Stability needed for pig deals…
Some pig contracts are
hardly worth the paper they
are written on. Its time for
a thorough review, says
consultant Peter Crichton
DURING the past two-and-a-half years, which saw the UK pig industry notch up several £m losses, many producers wished they had some form of "floor and ceiling" contract to protect themselves against prices falling below acceptable levels.
The same wish has also in some cases been extended at the buying end with abattoirs looking to source supplies at a cost that would not go beyond an agreed "ceiling" figure.
Up to now the problem with any form of sale contract is that if market prices move outside the bands agreed, one side or the other may decide to renege on the deal.
Most contracts will normally incorporate a notice period which can be served by either side. But most producers will remember the infamous Malton Bacon letter of May 28, 1998, which effectively undermined confidence in all average pig price-related contracts.
Then Max Hilliard, the Malton boss, gave producers a stark choice; either revert to a factory spot price or serve out a 12-week notice period and then be cut adrift.
Notice periods are essential because of the two-way nature of the contract. Although there are few cases of producers being taken to task for under-supplying pigs during a contract period, there are even fewer instances of abattoirs being challenged in the courts, if they fail to honour their side of the agreement.
Innovative contract arrangements that have been on offer in recent years include "floor and ceiling" arrangements where the price will float between a minimum of, say, 80p/kg and a maximum of 120p/kg.
Some half-and-half contracts include a fixed element, with the other half of the contract floating on a spot price basis. Cost of production contracts have also been available where half the contract is related to feed costs and the other half linked to either spot price, or the AAPP.
However, when spot prices move above contract levels, which appears to be the current trend now that the shortage of pigs has started to bite, producers are tempted to supply minimum contract numbers and sell the balance of their pigs on the spot.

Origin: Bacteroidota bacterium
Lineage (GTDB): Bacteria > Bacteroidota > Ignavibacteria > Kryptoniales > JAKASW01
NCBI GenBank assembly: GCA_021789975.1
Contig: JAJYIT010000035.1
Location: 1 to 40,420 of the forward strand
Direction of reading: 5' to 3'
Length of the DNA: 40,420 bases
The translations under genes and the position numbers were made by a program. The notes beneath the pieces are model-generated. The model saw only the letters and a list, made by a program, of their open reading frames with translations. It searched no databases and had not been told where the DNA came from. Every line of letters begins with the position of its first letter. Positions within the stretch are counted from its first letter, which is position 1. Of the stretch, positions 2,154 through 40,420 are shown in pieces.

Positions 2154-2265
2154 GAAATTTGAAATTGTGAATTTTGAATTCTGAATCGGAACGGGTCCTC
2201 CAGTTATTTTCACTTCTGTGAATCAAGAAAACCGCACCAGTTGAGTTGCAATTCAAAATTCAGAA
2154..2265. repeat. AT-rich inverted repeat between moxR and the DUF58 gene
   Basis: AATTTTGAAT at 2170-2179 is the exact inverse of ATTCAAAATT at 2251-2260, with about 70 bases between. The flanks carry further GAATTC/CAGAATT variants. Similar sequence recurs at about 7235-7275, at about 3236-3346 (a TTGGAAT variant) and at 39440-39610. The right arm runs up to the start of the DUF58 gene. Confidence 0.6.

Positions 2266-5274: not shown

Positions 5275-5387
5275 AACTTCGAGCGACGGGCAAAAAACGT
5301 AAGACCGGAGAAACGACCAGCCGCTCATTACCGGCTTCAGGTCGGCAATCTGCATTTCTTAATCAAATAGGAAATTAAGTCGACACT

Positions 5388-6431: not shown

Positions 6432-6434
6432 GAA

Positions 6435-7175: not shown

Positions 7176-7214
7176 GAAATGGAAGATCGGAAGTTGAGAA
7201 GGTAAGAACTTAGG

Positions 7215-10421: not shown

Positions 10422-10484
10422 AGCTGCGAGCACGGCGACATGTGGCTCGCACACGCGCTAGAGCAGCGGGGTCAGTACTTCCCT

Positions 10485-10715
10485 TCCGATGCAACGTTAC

The reverse applies when contract prices are above spot and abattoirs only allow producers to deliver contract numbers with any additional pigs subject to a harsh factory spot price.
Retail price-linked contracts such as the Dalehead/Waitrose set-up, are to be encouraged, as this pricing arrangement saw some producers through hard times. But unfortunately this deal only covered a comparatively small niche in the market and was not widely available.
Because of the volatile nature of the meat market unless the retail sector can be persuaded to buy pigs on a forward quasi-contractual price it is difficult to see how producers can effectively lock in to a secure contract.
The short-lived UK pig meat futures market, which operated in the 1980s also provided producers and abattoirs with something of a market "hedge". Although this failed, due to lack of support, the AEX Dutch pig meat futures market is flourishing.
Futures-linked selling could provide producers with some form of insurance policy, which would effectively allow them to sell onto the market if they felt prices were likely to fall, or to buy if they believed prices were likely to rise. However futures markets are high risk and not for the faint-hearted.
The future appears to lie in the U.S system of long-term forward price contracts that guarantee the producer a reasonable return with the abattoir dealing with the retailer on a similar long-term basis.
However, until the retail sector can be persuaded to look at sourcing products on this basis, the whole of the pig industry will remain vulnerable to price fluctuations regardless of contract arrangements.
BOX – CONTRACTS
* Most contracts can be broken.
* Futures market may help.
* Long-term tie-ups offer best solution.
• Most contracts can be broken.
• Futures market may help.
• Long-term tie-ups offer best solution.